When Nash Bono and Jack Stang decided to join Bono’s son, Patrick, restoring an old car, they had to agree on what kind of car it would be.
“We figured we’d buy an old ’60s car,” said Stang. “Patrick, of course, would like a muscle car.”
Instead, they got a 1927 Franklin 11B sedan. What it lacks in muscle, it has made up by giving its restorers a journey of discovery.
In just more than 2½ years, Stang, who lives in Hammond, and the Bonos, who live in Mandeville, have the car’s exterior looking like it might have just rolled off the assembly floor in Syracuse, N.Y., where it was made. They’ve also learned some of the car’s history, and hope to learn more.
When they bought it from Hammond car dealer John Evans, the Franklin was a shell of its former glory. This 1927 model cost $3,200 at a time when new Fords were less than $600. In late 2010, it was missing its fenders, running boards and hood. Much of the wooden frame was rotted. Parts of the vehicle were stored separately.
“It looked like a skeleton of a car,” Bono said.
But those bones held clues.
The car had some of the old vehicle registration certificates, and when Stang took apart one of the doors, he discovered papers inside that had apparently fallen between the window glass and the frame.
One was an envelope postmarked July 1944 and addressed to John Luke, 401 Shrewsbury. Inside was a check for $63.23 to Luke from the St. Regis Restaurant.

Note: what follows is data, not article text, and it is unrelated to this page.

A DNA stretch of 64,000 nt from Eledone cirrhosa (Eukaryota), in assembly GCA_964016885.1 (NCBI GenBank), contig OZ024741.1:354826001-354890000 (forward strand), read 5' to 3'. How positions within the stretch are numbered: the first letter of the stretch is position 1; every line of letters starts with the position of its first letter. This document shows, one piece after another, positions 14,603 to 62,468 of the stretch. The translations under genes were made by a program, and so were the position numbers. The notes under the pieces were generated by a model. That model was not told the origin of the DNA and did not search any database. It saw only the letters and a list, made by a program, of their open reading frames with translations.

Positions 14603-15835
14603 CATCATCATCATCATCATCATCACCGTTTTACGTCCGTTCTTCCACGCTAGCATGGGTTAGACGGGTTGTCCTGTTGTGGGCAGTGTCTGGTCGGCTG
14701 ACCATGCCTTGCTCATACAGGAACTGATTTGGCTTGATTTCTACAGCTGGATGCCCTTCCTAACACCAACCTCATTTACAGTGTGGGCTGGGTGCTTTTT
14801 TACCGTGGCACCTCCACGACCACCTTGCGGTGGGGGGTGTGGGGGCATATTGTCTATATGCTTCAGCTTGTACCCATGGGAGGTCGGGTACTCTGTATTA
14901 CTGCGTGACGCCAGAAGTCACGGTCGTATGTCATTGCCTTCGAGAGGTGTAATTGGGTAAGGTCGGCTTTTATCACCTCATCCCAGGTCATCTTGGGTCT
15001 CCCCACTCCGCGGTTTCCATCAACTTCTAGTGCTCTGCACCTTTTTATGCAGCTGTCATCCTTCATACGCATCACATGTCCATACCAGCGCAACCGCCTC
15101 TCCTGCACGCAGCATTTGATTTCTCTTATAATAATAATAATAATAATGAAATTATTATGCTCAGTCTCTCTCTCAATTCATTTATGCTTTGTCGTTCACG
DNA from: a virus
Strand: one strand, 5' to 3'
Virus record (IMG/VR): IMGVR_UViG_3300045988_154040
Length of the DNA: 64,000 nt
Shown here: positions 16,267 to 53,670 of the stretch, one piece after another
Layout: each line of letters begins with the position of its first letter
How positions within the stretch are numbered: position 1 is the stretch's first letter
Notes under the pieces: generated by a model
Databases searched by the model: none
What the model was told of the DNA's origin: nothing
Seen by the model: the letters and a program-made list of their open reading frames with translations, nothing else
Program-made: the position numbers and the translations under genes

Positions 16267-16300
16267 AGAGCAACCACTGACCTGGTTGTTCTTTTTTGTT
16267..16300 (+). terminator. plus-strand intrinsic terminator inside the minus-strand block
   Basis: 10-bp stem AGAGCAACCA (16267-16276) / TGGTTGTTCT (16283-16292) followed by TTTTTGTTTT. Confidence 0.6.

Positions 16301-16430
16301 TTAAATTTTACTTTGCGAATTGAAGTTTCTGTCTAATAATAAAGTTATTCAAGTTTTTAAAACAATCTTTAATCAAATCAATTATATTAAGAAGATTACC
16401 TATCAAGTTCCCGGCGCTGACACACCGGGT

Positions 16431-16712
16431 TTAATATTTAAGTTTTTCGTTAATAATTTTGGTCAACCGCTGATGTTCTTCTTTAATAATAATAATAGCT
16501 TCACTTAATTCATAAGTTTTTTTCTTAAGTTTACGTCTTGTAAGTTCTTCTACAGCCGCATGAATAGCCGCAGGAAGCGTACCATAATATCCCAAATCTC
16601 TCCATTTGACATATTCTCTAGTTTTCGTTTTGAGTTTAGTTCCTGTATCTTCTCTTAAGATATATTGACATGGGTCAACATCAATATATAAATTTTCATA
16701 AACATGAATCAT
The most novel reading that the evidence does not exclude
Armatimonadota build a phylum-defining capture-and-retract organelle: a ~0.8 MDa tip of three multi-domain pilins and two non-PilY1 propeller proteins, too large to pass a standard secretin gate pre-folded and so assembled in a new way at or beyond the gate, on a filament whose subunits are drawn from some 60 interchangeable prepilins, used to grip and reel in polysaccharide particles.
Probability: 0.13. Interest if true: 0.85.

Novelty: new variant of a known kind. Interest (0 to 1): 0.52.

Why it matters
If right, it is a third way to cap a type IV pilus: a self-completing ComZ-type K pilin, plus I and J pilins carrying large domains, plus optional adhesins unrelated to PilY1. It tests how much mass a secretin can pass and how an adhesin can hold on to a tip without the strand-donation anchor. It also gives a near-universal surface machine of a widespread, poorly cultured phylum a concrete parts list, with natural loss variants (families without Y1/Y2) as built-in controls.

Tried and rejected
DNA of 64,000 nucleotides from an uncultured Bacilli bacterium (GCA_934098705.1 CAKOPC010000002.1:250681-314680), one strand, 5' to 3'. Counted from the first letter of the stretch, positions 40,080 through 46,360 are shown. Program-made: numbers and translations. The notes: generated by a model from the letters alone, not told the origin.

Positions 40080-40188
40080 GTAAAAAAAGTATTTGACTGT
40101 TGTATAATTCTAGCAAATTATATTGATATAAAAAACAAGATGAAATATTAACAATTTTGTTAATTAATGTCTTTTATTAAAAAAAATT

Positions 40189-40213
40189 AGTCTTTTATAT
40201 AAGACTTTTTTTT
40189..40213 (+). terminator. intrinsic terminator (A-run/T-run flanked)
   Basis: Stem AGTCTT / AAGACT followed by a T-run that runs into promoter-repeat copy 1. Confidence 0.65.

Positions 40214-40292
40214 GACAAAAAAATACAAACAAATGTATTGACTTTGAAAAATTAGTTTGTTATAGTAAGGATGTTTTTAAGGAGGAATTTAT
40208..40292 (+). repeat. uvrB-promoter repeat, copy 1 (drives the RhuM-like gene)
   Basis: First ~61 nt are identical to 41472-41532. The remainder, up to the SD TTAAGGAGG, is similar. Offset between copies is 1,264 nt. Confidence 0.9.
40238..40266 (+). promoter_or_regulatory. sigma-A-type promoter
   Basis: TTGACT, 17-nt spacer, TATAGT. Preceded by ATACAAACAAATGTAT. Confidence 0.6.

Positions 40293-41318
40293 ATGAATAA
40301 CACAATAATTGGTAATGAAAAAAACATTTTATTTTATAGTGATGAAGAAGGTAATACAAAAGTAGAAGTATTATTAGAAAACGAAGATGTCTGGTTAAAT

Stang sent a letter to a Dr. John Luke he found at Ochsner Hospital in New Orleans but received no reply. He also researched names on the registration certificates and found an address for a Julius Hartz.
“That was on Monday morning,” Stang said. “At 12 noon on Tuesday, I got a call from Dudley (Hartz) saying, ‘That was my dad’s. Do you have the car?’”
Dudley Hartz, 67, said this was his family car until he was about 12 years old. The Hartzes lived on Shrewsbury Court in Jefferson, Luke on Shrewsbury Road, so the letter apparently was delivered to the wrong address. No one is sure how the envelope ended up where it did.
But finding one of the previous owners’ families has encouraged Stang to seek more. In addition to Evans and Hartz, he knows that Alfred Watts and Mike Cannon, of Baton Rouge, and John Walton Jr. and J. Ashton Mayeau, of New Orleans, once owned it. He has an idea about the original owner.
Underneath the back window was stenciled “Mitchell DeLanee.” A Franklin Museum curator told Stang that factory workers would stencil the name of the person who ordered a car inside the vehicle while it was being built. Stang wants anyone with information about previous owners to email him at firstname.lastname@example.org.
While Stang researched the car and its history, Nash Bono’s skills as a carpenter have been put to good use. Much of the car’s wood is curved and intricately designed. There are no templates available, so each piece had to be started, shaped and reshaped until it fit.
“I felt like I was whittling a car,” Bono said.
The result so far is impressive. The air-cooled, in-line six-cylinder engine works, and the car can be driven. They are continuing work on the interior.
“I learned a great deal from my father,” Bono said. “I learned a lot about cars and trucks from him. We had a number of them. I’ve learned a number of different skills, and that’s one of the things I do enjoy, it’s learning different skills.
“Once we got started on this, I knew I could share those with my son and with Jack. ... They’ll never use them. A lot of these skills are things that are long gone and you only need on something like this, but at least I could share them.”
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